Stops in photography are used to describe an increase or decrease in exposure. For example, increasing your exposure by 1 stop means doubling your exposure, thus doubling your photo’s brightness. In contrast, reducing your exposure by 1 stop will half your exposure and half your photo’s brightness.
You can add or reduce a stop by increasing or decreasing your aperture, shutter speed, or ISO. Alternatively, you might reduce or gain a stop by adjusting any combination of all three. Understanding Stops in photography is hugely beneficial, particularly if you want to use exposure compensation or ND filters. Jump to Conclusion.
Table of Contents
- What is a Stop in Photography
- Multiple Stops explained
- Why Light Stops are Useful
- Whats F Stop
- Shutter Speed Stop
- Whats ISO Stop
What is a Stop in Photography
A stop of light is a convenient way for photographers to discuss adjusting an exposure. For instance, you might want to brighten your photo by 2 stops of exposure or reduce your exposure by 3 stops.
Adding a single stop refers to doubling your existing exposure. For example, you could double your shutter speed from 1 to 2 seconds for a 1 stop increase in light and a twice-as-bright photo.
Alternatively, you could reduce your exposure by 1 stop by halving your shutter speed to half a second for a half-as-bright photo.
Also, it is common to work in one-third and half stops. This is particularly true when using your camera’s exposure compensation mode.
Working with Multiple Stops
In reality, you will be adjusting your exposure not just by one stop, but by 2 stops, 3 stops, etc. However, increasing your exposure by 3 stops does not mean a 3-fold increase in exposure.
Instead, you are doubling your exposure 3 times. Therefore, one second becomes an 8-second exposure.
|Stops||New Shutter Speed|
(based on 1 second shutter speed)
|– 3 stops||1/8 second|
|– 2 stops||1/4 second|
|– 1 stop||1/2 second|
|0 stops||1 second|
|+ 1 stops||2 seconds|
|+ 2 stops||4 seconds|
|+3 stops||8 seconds|
As you can imagine, it does not take one long to lose the plot, especially if you are trying to work out a 10 stop increment on 1/125th of a second (8 seconds).
Fortunately, you can download free exposure calculators that will do the work for you. Phew.
Why light stops are useful for exposure
Light stops are the main unit of your camera’s exposure compensation. For example, you might set your camera to automatically under or overexpose by 1 stop.
Additionally, ND filters are sold based on whether they block 3 stops, 6 stops, or 10 stops worth of light. Thus, understanding light stops are essential for gauging correct exposure.
Whats an F stop in Photography
F stops in photography refer to the size of your aperture. For instance, your aperture may have an F stop of F1.8 or F5.6.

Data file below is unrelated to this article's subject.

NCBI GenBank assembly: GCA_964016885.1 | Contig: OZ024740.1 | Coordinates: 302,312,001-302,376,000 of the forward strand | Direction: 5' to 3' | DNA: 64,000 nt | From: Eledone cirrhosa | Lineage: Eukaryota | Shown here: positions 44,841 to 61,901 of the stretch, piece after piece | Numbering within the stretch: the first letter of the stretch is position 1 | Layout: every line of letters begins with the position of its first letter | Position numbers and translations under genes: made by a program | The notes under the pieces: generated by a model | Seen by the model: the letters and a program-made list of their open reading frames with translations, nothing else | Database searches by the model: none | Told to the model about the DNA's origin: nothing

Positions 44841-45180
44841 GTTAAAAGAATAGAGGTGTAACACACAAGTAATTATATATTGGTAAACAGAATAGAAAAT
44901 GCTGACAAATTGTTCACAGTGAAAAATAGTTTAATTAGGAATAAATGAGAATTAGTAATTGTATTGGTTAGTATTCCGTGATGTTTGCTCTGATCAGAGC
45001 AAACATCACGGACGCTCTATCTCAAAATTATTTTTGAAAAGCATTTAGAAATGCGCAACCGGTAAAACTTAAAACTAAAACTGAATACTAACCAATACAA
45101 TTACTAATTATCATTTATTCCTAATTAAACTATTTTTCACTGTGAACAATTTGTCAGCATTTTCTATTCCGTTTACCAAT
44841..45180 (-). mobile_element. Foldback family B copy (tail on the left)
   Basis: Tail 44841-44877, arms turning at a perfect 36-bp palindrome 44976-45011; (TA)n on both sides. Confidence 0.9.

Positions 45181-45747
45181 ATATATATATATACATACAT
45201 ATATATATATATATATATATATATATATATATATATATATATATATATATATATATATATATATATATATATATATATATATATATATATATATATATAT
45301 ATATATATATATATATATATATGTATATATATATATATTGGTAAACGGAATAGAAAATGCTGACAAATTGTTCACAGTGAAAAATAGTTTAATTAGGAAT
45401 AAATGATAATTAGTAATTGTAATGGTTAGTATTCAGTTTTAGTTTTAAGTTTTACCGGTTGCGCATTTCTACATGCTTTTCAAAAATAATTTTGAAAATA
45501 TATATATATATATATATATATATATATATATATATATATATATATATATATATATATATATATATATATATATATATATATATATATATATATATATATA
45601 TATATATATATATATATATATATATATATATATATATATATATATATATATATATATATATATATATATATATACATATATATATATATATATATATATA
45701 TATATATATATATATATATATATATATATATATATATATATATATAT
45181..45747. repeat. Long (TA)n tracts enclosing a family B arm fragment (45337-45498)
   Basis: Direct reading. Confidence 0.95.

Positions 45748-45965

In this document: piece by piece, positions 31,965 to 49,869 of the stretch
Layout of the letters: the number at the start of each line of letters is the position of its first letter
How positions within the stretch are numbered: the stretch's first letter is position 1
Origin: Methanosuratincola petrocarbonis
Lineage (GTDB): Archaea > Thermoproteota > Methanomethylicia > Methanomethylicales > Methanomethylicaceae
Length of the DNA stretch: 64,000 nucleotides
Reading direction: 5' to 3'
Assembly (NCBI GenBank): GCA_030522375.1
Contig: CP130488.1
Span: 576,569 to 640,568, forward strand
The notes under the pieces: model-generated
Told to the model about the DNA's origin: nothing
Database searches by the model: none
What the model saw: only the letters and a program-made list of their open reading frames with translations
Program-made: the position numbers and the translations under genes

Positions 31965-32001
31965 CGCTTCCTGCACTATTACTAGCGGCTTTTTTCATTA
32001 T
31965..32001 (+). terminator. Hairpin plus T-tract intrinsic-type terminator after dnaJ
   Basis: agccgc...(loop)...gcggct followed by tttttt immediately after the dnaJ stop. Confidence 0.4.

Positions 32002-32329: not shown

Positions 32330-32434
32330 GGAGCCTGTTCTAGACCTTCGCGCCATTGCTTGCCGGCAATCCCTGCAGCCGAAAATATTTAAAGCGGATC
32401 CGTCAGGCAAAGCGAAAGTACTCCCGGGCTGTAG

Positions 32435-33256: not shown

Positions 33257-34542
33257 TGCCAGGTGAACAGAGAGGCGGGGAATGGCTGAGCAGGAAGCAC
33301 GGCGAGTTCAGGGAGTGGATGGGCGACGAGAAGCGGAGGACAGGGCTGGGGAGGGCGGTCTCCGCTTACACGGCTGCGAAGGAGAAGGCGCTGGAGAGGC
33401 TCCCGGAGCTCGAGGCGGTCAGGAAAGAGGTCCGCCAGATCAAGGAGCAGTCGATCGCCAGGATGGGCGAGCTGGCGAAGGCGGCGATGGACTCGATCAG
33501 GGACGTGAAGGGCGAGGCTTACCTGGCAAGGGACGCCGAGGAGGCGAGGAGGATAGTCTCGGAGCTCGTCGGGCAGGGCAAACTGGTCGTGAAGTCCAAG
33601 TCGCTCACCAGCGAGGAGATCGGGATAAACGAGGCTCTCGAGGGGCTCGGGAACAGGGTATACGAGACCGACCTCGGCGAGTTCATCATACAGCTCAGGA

To gain one extra stop of light, you could move from F5.6 to a larger, brighter F4 aperture. Alternatively, you can reduce light by dropping a stop to F8. Learn all about Aperture
|F4||– 0 Stops||100%|
Shutter Speed Stops
Shutter speed stops are a little bit easier since we can all relate to time. If you have a shutter speed of 1/500th of a second, you can gain a stop of light by slowing your shutter speed to a twice-as-long 1/250th second.
Otherwise, half 1/500th to 1/1000th of a second to half your light and reduce your exposure by 1 stop.
To put it another way, if your shutter speed is half as long, your photo will be half as bright. Ultimate Guide to Shutter Speed
|1/400th Second||-3 Stops||12%|
|1/200th Second||-2 Stops||25%|
|1/100th Second||-1 Stop||50%|
|1/25th Second||+1 Stop||200%|
|1/12th Second||+2 Stop||400%|
|1/6th Second||+3 Stop||800%|
ISO Stops in Photography
ISO is a little different from shutter speed and Aperture since it does not provide your camera’s sensor with any light. Instead, ISO artificially brightens your image by amplifying the signal or digital file (or both). As a result, it is equally valid to consider ISO in stops.
Most cameras have a base, or lowest, ISO of 100. Therefore, doubling your camera’s ISO to 200 is equivalent to an increase of 1 stop of brightness.
Whilst ISO can be handy and even essential, excessive use of ISO will ruin your photo. Ultimate Guide to ISO.
|200||+ 1 Stop||200%|
|400||+ 2 Stops||400%|
|800||+ 3 Stops||800%|
|1600||+ 4 Stops||1600%|
|3200||+ 5 Stops||3200%|
|6400||+ 6 Stops||6400%|
Stops in photography are used to describe an increase or decrease in exposure. If you increase your exposure by one light stop, your photo will be twice as bright. Otherwise, you can reduce your exposure by 1 light stop for a photo half as bright.
Furthermore, you are likely to adjust your exposure by multiple stops. For example, a 3 stop increase in exposure means doubling the brightness of your photo three times.
An extra stop of brightness can be achieved by doubling either your shutter speed, aperture, or ISO. Alternatively, you can achieve an extra stop by making small adjustments to all three.
It is useful to understand what a light stop in photography is, particularly if you wish to use your camera’s exposure compensation setting or begin experimenting with ND filters and long exposures.